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Trump keeps up blitz on NFL players with 'Celebration of America'

June 05. 2018 10:54PM
President Donald Trump participates in a "celebration of America" event on the South Lawn of the White House in Washington on Tuesday. The event was arranged after Trump canceled the planned visit of the Super Bowl champion Philadelphia Eagles to the White House. (REUTERS/Carlos Barria)

WASHINGTON — President Donald Trump’s kept up his feud with the Philadelphia Eagles on Tuesday after most team members refused to attend an event honoring their Super Bowl victory in the fallout over Trump’s demand that players stand for the national anthem.

Trump staged a political event on the White House South Lawn in place of a Super Bowl party for the Eagles, insisting on the need for Americans to stand up for the anthem to honor those who have sacrificed their lives for the nation.

“We stand to show our love for our fellow citizens and our magnificent Constitution,” Trump said as many attendees waved small American flags.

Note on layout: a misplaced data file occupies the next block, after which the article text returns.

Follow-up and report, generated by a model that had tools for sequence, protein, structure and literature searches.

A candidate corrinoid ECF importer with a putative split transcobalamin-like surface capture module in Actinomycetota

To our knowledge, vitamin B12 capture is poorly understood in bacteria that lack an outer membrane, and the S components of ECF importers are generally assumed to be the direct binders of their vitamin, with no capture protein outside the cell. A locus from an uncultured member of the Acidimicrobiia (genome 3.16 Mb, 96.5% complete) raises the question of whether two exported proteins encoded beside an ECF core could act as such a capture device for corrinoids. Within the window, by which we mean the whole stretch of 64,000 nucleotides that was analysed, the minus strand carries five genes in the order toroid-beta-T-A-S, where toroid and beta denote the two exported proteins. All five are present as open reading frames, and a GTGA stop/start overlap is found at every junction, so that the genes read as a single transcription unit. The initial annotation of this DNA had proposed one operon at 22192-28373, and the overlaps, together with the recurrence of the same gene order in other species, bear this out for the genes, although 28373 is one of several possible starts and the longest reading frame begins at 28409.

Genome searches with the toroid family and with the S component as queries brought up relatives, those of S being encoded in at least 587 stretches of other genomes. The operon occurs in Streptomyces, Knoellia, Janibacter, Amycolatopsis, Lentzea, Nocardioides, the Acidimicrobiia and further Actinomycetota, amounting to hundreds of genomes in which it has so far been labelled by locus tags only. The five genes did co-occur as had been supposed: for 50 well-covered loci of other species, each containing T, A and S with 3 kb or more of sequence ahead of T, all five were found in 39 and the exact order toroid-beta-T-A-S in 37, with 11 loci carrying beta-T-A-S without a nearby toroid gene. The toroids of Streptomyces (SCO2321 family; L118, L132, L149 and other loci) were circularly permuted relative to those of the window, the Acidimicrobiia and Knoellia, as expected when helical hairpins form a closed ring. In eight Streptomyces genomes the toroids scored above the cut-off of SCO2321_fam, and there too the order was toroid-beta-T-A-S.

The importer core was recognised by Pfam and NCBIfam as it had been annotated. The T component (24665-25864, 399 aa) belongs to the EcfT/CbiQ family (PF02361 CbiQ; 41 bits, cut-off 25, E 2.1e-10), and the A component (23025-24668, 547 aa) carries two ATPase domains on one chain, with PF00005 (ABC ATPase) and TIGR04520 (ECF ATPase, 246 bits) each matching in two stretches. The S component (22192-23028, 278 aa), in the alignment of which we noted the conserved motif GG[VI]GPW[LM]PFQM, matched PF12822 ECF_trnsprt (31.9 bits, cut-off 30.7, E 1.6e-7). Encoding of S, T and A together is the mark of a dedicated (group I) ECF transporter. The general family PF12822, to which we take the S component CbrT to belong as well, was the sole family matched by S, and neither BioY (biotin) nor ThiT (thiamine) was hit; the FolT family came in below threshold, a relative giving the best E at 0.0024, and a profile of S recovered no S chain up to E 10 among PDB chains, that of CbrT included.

Trump has feuded with National Football League players over the past year, blasting on-field protests in which players sat or kneeled during the national anthem to protest racial bias in the U.S. criminal justice system amid accusations of excessive use of force against black people by police.

None of the Eagles players knelt during the playing of the anthem during the football season, but Trump brought up the anthem protests when he canceled the team’s invitation on Monday after many players said they would not attend the celebration.

There was more fallout from the feud on Tuesday. Star basketball players LeBron James, of the Cleveland Cavaliers, and Stephen Curry, of the Golden State Warriors, said they agreed that whichever team wins the NBA championship would skip the traditional visit to the White House.

Last September, Trump revoked an invitation to the Warriors, which had beaten the Cavaliers for the title, after Curry said he would vote against a planned visit.

The White House on Tuesday said it had canceled the long-established capital tradition for the Super Bowl winning team after the Eagles said that just a handful of people would attend the event, fewer than the 81 initially proposed.

At least two members of the champion team and the NFL players’ union pushed back, saying that the event should have gone forward if any Eagles planned to attend.

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